And boy, does he relish his time in front of the camera! Given that Haines is a giant pillar of acrid black fumes, people could be forgiven for having some doubt as to his acting ability, but he is definitely the man for the job. One of Holy Smokes’ senior writers has been quoted as saying that this is the role that Jasper Haines was born to play, and I agree with him. Well, I would, but I’m not sure that he was actually born as such. He looks like he fell out of a chimney.

Despite having no facial features to speak of, no voice except for a general ominous rumbling, and all the other drawbacks associated with being a big pile of wispy smog, Jasper does account for himself rather well. Indeed, when Joe’s attempts to put on his new priestly dog collar are thwarted by his lack of a physical neck, the actor is funnier than Jim Belushi in any episode of According to Jim, despite Belushi’s obvious advantage in the facial expression and voice area.

Content-wise, Holy Smokes does run the risk of being a little too samey for my liking. Most of the jokes revolve around the difficulties that Joe faces in his daily life as a priest who also happens to be a giant ball of smoke. The aforementioned inability to wear a dog collar, his misfortune when people switch on extractor fans, his unfortunate tendency to consume his parishioners, Lost-style: these are recurring jokes throughout the series. While they are certainly funny the first time, they do tend to grate as time goes on.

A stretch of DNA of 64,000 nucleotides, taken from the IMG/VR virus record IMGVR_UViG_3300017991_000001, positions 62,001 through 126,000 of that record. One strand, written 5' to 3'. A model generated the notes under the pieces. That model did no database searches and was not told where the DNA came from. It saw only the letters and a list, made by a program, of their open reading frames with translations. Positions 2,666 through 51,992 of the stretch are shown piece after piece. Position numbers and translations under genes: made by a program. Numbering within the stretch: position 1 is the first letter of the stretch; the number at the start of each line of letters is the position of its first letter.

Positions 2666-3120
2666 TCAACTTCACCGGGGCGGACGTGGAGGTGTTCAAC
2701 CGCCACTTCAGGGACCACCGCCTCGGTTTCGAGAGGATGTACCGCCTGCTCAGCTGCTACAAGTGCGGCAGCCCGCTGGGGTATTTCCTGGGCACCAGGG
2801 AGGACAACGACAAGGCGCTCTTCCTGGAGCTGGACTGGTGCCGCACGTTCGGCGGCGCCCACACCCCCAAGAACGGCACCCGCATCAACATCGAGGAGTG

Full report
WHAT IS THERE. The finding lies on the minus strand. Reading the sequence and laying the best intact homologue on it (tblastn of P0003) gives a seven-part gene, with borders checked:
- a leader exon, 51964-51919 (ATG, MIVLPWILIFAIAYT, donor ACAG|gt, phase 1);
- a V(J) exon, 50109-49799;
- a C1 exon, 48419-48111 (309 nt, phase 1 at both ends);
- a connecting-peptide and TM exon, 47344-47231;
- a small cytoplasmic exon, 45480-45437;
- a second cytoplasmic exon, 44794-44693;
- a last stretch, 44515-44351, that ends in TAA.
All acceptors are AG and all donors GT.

Joe’s relationship with his wife is a welcome element to the series, providing much relief from the obligatory “oh no, I just accidentally consumed old Mrs Gratt and her dog” jokes. Jenny Patrickson, played by Daphne Zuniga, provides a very good foil for Joe, and the running joke in which she repeatedly complains of her husband’s ineffectiveness in the bedroom is great. The accompanying uncertainty of the Patricksons’ children’s paternity gives the show a slightly tragicomic feel at times. Everyone knows that Joe couldn’t have got his wife pregnant; he’s a big ball of smoke with no genitalia!

In all, Holy Smoke is a fresh and funny new show, and Jasper Haines should go on to be a big star in the future. There are already rumours that he will be co-starring with Tom Cruise in a film set in WW2 Germany, and I think it will be nice to see him in a strongly characterised, serious role. But as a comedian, Haines still shines with a murky, foggy glory that really is unique, and Holy Smokes could well prove to be this year’s Everybody Loves Raymond’s Brother.

Holy Smokes, NBC, Thursdays at 9.30. Enjoy it while you can, it'll probably be cancelled after ten minutes.

Wednesday, 12 November 2008

New Toy Review: Baby Sweetcheeks

Christmas is approaching like an angry neighbour with a golf club, threatening to kill us if we don’t stop playing our German Hi-Octane Gabba Music at four a.m. As the temperature drops, children’s thoughts turn to running down the stairs on Christmas morning to see if jolly old Saint Nick has been to visit. And what could be more seasonal than having to explain to one’s bright-eyed children that Santa won’t be able to visit this year because Daddy lost his job and Mummy has to turn tricks in order to stop the house from being repossessed?

But for those of us unaffected by the recent economic shitslide, toy manufacturers are releasing some excellent new playthings to help us truly celebrate the birth of our Lord Jesus Christ (who died, for his sins).

One such new toy is Baby Sweetcheeks, a doll made by APL Toys. The company claim that this is the most realistic toy child ever created, a viewpoint with which I wholeheartedly agree. For a start, when buying this doll, the purchaser is not allowed to take it home from the store. Instead, the buyer pays for it, gives their home address to the cashier, and the doll is abandoned on their doorstep at a later date. When I got my special pre-release Baby Sweetcheeks doll in this manner it was very traumatic for my partner; she had no idea that a neonate would be delivered by this method, and she suspected for some time that I had fathered a bastard offspring that was now coming back to haunt me.